He was speaking before law enforcement officials at the California Peace Officers Association’s annual gathering, a day after suing California over sanctuary city laws that he said violated the Constitution, obstructed immigration enforcement and put officers in danger.
According to previous reporting by The Washington Post, after acknowledging the “wide variety of political opinions out there on immigration,” Sessions then compared the issue to secession during the Civil War.
“There is no nullification. There is no secession. Federal law is the supreme law of the land. I would invite any doubters to go to Gettysburg or to the tombstones of John C. Calhoun and Abraham Lincoln. This matter has been settled,” he said.
The comparison was not well-received and left many scratching their heads, in part for not actually being analogous.
Princeton University history professor Kevin Kruse reminded Americans that California has no interest in leaving America.
“California isn’t trying to leave the Union. It’s resisting federal demands that the state play a role in seizing and expelling undocumented migrants who have made their way there,” he tweeted. “So secession isn’t an apt historical comparison. The Fugitive Slave Act is.”
California Gov. Jerry Brown (D) attacked Sessions’s speech as a “political stunt” by a Trump aide not in good standing with the president. The liberal politician dismissed the conservative Southerner as “a fellow coming from Alabama talking to us about secession and protecting human and civil rights.”
It’s not totally clear what Sessions was implying when he accused California of wanting to take an action that would be the equivalent of the Confederacy seceding. And emails to the Justice Department seeking clarification were not answered. But some of his critics interpreted his words as comparing liberal lawmakers unwilling to help the federal government deport undocumented immigrants to those Americans fighting to keep blacks enslaved, feeding concerns that the Trump administration is led by people with a poor sense of the history of race in America.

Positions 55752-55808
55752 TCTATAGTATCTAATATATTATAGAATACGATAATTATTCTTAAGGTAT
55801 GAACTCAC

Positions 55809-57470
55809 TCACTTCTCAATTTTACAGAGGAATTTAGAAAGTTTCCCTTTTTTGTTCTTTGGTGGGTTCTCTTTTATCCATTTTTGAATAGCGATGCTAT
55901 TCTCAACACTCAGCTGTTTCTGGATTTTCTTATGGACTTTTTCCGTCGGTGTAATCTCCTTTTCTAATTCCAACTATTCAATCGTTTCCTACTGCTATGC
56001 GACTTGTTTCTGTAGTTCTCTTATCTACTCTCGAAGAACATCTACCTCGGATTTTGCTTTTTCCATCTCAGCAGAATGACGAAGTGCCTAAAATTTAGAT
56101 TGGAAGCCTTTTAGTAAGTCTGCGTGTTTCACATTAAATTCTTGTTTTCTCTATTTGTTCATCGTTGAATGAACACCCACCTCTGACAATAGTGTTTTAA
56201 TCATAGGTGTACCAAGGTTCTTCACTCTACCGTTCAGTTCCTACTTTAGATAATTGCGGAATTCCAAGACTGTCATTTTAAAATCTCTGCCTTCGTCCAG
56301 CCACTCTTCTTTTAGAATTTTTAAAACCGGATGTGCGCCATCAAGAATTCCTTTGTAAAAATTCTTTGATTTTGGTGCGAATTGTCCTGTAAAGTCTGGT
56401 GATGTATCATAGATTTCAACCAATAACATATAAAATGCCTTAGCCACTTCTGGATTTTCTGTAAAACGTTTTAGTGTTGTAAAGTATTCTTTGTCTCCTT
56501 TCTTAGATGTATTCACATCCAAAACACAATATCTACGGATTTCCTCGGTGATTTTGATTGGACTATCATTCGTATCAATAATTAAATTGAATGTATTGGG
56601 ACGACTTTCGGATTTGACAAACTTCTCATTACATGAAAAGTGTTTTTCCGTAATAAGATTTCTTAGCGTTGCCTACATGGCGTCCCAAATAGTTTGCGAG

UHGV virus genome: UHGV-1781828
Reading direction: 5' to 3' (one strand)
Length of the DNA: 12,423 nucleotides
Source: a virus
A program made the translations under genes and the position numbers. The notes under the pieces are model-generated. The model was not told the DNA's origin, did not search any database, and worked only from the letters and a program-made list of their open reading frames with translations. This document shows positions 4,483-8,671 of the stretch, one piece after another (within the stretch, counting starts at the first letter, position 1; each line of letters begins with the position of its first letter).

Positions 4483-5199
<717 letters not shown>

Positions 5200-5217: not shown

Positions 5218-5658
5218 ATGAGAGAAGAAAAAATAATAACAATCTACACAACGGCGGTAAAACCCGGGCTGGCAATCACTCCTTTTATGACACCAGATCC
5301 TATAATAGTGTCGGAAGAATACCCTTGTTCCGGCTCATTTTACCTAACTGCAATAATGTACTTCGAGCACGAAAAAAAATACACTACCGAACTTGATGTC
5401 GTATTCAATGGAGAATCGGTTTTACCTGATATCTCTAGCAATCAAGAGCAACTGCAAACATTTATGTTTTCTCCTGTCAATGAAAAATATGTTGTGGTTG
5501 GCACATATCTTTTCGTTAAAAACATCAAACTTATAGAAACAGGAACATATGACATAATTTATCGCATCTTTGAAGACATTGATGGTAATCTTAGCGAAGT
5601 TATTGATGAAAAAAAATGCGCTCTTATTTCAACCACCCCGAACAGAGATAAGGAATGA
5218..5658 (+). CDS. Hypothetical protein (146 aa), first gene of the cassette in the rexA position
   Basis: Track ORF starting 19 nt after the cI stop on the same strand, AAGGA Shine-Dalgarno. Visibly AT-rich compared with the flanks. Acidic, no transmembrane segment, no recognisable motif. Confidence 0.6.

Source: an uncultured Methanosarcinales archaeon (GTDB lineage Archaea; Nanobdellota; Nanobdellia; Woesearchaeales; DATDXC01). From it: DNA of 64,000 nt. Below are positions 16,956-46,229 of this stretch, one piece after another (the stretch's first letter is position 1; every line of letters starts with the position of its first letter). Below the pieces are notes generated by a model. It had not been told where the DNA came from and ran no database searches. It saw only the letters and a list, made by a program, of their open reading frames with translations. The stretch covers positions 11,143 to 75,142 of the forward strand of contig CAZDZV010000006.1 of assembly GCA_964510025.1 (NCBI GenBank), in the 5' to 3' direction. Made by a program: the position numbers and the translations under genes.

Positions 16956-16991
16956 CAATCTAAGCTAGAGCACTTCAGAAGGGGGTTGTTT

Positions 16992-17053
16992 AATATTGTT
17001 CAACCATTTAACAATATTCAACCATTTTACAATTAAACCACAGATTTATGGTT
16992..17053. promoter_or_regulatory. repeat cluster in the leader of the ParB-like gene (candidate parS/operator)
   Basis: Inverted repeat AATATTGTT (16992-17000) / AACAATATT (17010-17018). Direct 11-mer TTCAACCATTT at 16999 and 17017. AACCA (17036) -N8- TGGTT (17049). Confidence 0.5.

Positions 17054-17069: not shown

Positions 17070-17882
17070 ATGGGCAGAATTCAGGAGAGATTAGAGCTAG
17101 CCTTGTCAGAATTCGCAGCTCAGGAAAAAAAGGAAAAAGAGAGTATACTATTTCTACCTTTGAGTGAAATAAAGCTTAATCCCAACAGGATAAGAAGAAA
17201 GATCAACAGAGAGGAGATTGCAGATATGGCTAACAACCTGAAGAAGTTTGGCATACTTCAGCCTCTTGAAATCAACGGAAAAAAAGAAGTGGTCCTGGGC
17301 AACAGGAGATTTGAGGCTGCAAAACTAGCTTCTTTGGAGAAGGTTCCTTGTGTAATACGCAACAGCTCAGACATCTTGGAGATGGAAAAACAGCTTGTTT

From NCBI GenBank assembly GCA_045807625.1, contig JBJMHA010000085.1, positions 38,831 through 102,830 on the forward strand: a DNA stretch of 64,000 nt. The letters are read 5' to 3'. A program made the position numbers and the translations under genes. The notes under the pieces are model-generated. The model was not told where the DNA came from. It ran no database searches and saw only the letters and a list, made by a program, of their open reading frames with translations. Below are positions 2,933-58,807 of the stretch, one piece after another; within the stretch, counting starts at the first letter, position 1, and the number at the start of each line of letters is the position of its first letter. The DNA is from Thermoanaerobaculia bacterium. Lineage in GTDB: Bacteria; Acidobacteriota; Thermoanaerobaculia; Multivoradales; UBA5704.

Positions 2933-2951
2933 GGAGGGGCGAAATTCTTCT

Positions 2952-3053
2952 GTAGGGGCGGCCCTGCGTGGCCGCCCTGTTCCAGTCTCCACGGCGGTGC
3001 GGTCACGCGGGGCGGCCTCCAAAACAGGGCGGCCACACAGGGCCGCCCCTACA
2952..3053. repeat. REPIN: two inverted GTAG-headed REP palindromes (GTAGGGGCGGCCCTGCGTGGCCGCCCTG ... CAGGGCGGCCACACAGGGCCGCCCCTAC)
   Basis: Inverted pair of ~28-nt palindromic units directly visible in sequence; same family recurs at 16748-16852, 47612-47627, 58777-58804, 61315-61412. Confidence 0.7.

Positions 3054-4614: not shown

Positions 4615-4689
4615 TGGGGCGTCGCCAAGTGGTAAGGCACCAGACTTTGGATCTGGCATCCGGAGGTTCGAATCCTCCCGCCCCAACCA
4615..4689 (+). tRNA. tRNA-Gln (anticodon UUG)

As attorney general, Sessions oversees the Justice Department’s Civil Rights Division and enforces federal civil rights legislation despite many lawmakers questioning his commitment. He allegedly accused the National Association for the Advancement of Colored People and other civil rights organizations of being un-American when dealing with civil rights issues. And former colleagues testified that he used the n-word and joked about the Ku Klux Klan, saying he thought the terrorist organization was “okay, until he learned that they smoked marijuana.”
And more than 30 years ago, Coretta Scott King, the widow of civil rights icon Martin Luther King Jr., hoped to block Sessions from a judgeship in a letter to Congress: “Mr. Sessions has used the awesome powers of his office in a shabby attempt to intimidate and frighten elderly black voters.”
But a broader concern about Sessions’s comments is that they show how little Americans actually know about the Civil War. A report released last month by the Southern Poverty Law Center stated that only 8 percent of high school seniors can identify slavery as the central cause of the Civil War.
Widespread ignorance — and disagreement — about the Civil War, even beyond high school students, allows for easy misinterpretation of comparisons involving those who tried to secede from the United States.
Apparently, Sessions does not have the support of Oakland Mayor Libby Schaaf (D), whom Trump called a “disgrace” after she warned undocumented immigrants of impending Immigration and Customs Enforcement raids last month. But making statements reminding Americans of one of the harshest moments in U.S. racial history only sets up Sessions’s critics to remind Americans that the country’s top law official has a controversial past when it comes to race.
As Sen. Kamala D. Harris (D), the state’s first black senator, told MSNBC's Chris Hayes in response to Sessions's comments: “Listen, as far as I’m concerned, Jeff Sessions should be advised — and I’ll advise him right now — that it’s a bad idea, for him, to start talking about anything to do with the history of slavery or Reconstruction or the Civil War in the United States.... His credibility is pretty much shot on those issues.”